Coronavirus: Immunity may be more widespread than tests suggest

Sun Online Desk

3rd July, 2020 09:42:45 printer

Coronavirus: Immunity may be more widespread than tests suggest

People testing negative for coronavirus antibodies may still have some immunity, a study has suggested.

For every person testing positive for antibodies, two were found to have specific T-cells which identify and destroy infected cells.

This was seen even in people who had mild or symptomless cases of Covid-19.

But it's not yet clear whether this just protects that individual, or if it might also stop them from passing on the infection to others, BBC reported.

Researchers at the Karolinksa Institute in Sweden tested 200 people for both antibodies and T-cells.

Some were blood donors while others were tracked down from the group of people first infected in Sweden, mainly returning from earlier affected areas like northern Italy.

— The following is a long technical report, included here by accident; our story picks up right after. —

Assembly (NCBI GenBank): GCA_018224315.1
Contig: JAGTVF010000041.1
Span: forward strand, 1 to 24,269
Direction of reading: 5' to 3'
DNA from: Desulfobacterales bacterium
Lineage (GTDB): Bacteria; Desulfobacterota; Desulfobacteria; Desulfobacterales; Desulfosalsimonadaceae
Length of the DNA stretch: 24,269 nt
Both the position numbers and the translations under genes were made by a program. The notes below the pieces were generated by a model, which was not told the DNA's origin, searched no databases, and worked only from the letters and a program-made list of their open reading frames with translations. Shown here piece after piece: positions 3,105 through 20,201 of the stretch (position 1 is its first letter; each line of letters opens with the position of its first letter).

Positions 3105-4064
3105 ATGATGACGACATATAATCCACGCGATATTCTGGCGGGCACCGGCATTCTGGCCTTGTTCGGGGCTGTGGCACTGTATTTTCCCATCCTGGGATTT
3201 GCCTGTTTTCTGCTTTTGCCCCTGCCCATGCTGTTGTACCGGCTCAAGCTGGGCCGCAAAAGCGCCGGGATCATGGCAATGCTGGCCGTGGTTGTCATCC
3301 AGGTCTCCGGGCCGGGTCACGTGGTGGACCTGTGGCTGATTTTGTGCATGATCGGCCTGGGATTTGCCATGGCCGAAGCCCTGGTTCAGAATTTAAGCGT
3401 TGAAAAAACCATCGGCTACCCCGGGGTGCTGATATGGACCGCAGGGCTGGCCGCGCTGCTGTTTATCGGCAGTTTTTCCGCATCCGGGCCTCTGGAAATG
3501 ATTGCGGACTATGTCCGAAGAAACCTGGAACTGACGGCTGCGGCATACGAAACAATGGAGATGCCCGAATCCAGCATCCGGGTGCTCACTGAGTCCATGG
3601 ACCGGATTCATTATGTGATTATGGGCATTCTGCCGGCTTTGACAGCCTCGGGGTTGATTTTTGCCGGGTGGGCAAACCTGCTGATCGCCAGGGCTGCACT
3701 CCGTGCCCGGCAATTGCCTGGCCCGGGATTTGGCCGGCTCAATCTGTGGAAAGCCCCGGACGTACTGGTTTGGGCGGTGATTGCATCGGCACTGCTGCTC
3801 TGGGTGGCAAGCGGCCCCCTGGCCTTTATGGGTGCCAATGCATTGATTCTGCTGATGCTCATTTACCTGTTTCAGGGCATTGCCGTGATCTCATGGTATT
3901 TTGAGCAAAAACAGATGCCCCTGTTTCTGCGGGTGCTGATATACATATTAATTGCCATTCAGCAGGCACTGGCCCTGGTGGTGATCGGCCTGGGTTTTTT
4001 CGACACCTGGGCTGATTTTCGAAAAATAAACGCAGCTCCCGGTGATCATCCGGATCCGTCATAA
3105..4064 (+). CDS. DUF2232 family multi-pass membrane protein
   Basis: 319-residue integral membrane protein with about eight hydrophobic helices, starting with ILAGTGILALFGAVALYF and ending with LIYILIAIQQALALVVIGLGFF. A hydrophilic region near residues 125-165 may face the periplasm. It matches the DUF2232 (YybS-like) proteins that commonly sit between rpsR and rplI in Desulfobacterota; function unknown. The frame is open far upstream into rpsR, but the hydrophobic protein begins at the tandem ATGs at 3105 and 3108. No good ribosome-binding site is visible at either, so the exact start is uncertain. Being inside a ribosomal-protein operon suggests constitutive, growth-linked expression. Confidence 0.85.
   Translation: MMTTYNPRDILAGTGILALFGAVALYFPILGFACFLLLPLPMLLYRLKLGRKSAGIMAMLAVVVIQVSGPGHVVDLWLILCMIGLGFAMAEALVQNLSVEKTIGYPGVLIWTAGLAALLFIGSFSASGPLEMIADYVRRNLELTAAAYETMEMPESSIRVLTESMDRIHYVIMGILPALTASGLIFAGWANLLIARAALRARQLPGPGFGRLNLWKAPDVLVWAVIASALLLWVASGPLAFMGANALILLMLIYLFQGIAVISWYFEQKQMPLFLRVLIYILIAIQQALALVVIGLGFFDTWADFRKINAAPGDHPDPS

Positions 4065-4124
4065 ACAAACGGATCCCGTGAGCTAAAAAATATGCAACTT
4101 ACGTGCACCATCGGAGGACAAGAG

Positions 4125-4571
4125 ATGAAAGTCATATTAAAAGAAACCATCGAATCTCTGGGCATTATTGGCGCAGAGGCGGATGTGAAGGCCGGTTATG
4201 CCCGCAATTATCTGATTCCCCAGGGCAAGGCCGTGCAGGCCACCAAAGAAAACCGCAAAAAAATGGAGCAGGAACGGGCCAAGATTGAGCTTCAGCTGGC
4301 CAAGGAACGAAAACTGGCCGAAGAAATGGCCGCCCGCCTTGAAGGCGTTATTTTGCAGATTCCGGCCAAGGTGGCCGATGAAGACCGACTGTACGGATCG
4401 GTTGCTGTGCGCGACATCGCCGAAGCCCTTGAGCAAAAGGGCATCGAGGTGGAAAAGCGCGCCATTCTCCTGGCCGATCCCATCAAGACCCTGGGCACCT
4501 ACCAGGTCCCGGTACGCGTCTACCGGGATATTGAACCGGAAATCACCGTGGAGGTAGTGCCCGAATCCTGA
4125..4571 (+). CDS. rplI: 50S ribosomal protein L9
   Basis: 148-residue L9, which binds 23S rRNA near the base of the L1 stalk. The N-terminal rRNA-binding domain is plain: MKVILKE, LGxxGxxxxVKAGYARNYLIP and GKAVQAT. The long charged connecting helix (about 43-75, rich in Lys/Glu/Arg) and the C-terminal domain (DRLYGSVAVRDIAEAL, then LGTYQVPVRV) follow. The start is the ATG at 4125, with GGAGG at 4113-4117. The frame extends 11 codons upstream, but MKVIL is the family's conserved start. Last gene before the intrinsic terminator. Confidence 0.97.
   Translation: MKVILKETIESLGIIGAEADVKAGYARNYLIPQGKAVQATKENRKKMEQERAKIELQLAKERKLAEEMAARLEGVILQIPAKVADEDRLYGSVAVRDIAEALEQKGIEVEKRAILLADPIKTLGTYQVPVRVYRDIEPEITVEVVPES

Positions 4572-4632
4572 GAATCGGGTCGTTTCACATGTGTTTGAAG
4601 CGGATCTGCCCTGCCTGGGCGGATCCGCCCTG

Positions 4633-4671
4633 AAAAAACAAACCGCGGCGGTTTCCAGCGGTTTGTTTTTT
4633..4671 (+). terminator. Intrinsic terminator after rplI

This could mean a wider group have some level of immunity to Covid-19 than antibody testing figures, like those published as part of the UK Office for National Statistics Infection Survey, suggest.

T-cells are very complex and much harder to identify than antibodies, requiring specialist labs and small batches of samples being tested by hand over the course of days.

This means mass testing for T-cells is not a very likely prospect at the moment.